Wow, this blog has been quieter than the Jim Belushi fan page. Told ya.
First things first, it seems many friends' blogs have been eaten alive by that cyber-cannibal known as Facebook. Why post lengthy journals of your life when you can post perpetual nuances of your day? Why bore dozens when you could bore hundreds?
My love/hate relationship with Facebook hit a plateau this past month. I've been on for a year now and I have wasted countless hours there. Musings, reunions, surveys, wars of words, and quip one-up-manship. Then, as I struggled to find time to get all the things I needed to accomplish done, I rubbed the bottle, and asked the genie for all my Facebook time back from the previous year. He just laughed. Even he, said the apparition, couldn't control the timesuck that is Facebook. You can't get the genie back in the bottle, either. So, the echo of his mocking laughter has haunted me since.
I love Facebook. It's the sore tooth I can't stop touching. Where else can I go, post something witty or - on a good day - meaningful, and get such a positive reaction? It's like watching someone while they read one of my short stories, or being onstage and getting little telegrams of acceptance and support. Girls I had crushes on in high school, guys who were too cool to hang out with back in the day, teachers and peers who now tell me I'm inspiring or entertaining them the way they used to do for me. For me, Facebook is the equivalent of putting a kilo on the table for Keith Moon and walking away.
But, alas, go get bitten by a snake and you start to rethink how you're spending your time. You begin to realize that - should the credits be set to roll on your time here - you don't want your obit to read, "He really said some funny stuff on Facebook. And, er...well, he was great at Word Twist too."
And don't get me started on Twitter. Ick.
So, I have - somewhat successfully - re-channeled my need-for-attention addiction to the chance to expand my business in these confounding times, move the ball forward on "The Puzzle of Autumn" (my first attempt at penning a novel), and get into a daily routine of meditation, exercise, and gratitude.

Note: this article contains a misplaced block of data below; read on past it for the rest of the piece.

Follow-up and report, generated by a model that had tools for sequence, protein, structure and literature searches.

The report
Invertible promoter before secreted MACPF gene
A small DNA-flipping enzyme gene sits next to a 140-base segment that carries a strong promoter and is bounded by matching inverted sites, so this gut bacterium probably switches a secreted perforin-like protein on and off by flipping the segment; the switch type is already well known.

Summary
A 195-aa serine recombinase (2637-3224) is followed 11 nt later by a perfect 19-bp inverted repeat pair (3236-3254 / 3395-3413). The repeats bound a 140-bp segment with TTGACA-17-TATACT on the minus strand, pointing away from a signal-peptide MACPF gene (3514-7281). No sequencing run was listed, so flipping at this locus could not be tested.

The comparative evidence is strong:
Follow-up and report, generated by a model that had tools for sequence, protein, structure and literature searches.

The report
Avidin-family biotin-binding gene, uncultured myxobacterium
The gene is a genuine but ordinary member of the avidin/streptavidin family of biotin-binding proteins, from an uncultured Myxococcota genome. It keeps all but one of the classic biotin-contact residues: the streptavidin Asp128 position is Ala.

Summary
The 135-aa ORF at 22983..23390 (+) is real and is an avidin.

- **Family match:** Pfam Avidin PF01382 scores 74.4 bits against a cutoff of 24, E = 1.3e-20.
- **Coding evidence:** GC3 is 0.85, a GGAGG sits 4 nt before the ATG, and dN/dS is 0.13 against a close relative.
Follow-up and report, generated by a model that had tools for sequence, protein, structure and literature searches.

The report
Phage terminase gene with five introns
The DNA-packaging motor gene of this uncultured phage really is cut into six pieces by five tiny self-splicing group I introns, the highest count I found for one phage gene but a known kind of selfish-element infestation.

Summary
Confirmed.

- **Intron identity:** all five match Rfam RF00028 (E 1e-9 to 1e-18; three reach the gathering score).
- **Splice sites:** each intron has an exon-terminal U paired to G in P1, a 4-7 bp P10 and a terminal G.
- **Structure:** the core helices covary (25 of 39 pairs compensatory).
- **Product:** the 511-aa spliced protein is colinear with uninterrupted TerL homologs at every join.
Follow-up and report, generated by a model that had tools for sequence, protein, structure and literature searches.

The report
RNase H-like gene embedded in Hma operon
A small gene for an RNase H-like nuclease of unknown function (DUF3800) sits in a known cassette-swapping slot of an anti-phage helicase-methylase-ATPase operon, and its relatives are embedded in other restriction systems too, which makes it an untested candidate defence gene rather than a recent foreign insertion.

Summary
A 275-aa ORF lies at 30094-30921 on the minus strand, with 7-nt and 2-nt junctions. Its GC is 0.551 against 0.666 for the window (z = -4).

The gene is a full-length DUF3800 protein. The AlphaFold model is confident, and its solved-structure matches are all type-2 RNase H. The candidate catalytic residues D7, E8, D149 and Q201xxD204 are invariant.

Truth be told, I'm realizing how boorish the blog and the 'book (as in Face) can be, as almost everything written is in first person, with the 'what's up with me, as if you care' POV. This entry included, btw.
Of course, I've decided I'm less and less interested in commenting on the pop culture train wrecks, and as for politics, well, there's little I can say that Jon Stewart hasn't covered with more wit and satirical accuracy than I could ever muster.
I start my days off now with the lighting of a candle rather than the glow of a monitor, and when it's time to write something, I post one FB status for the day, and move on to chapter 3 of the novel, my corporate writing duties, or a yoga routine on the front porch.
After the snake bite, I kept waiting for this 'transformational moment' that never really came. There was no moment where I felt a vast psychological shift. But, over the course of two months, I've realized that it was a gradual, almost imperceptible one. I'm seeing what matters most, and working very hard to leave the more trivial aspects of every day life in the margins. That goes for Facebook, worry, and the pile of dishes on the kitchen counter.
The notion of enjoying every sandwich requires getting to the meat of it all and not getting hung up on the side items.
See ya back here soon.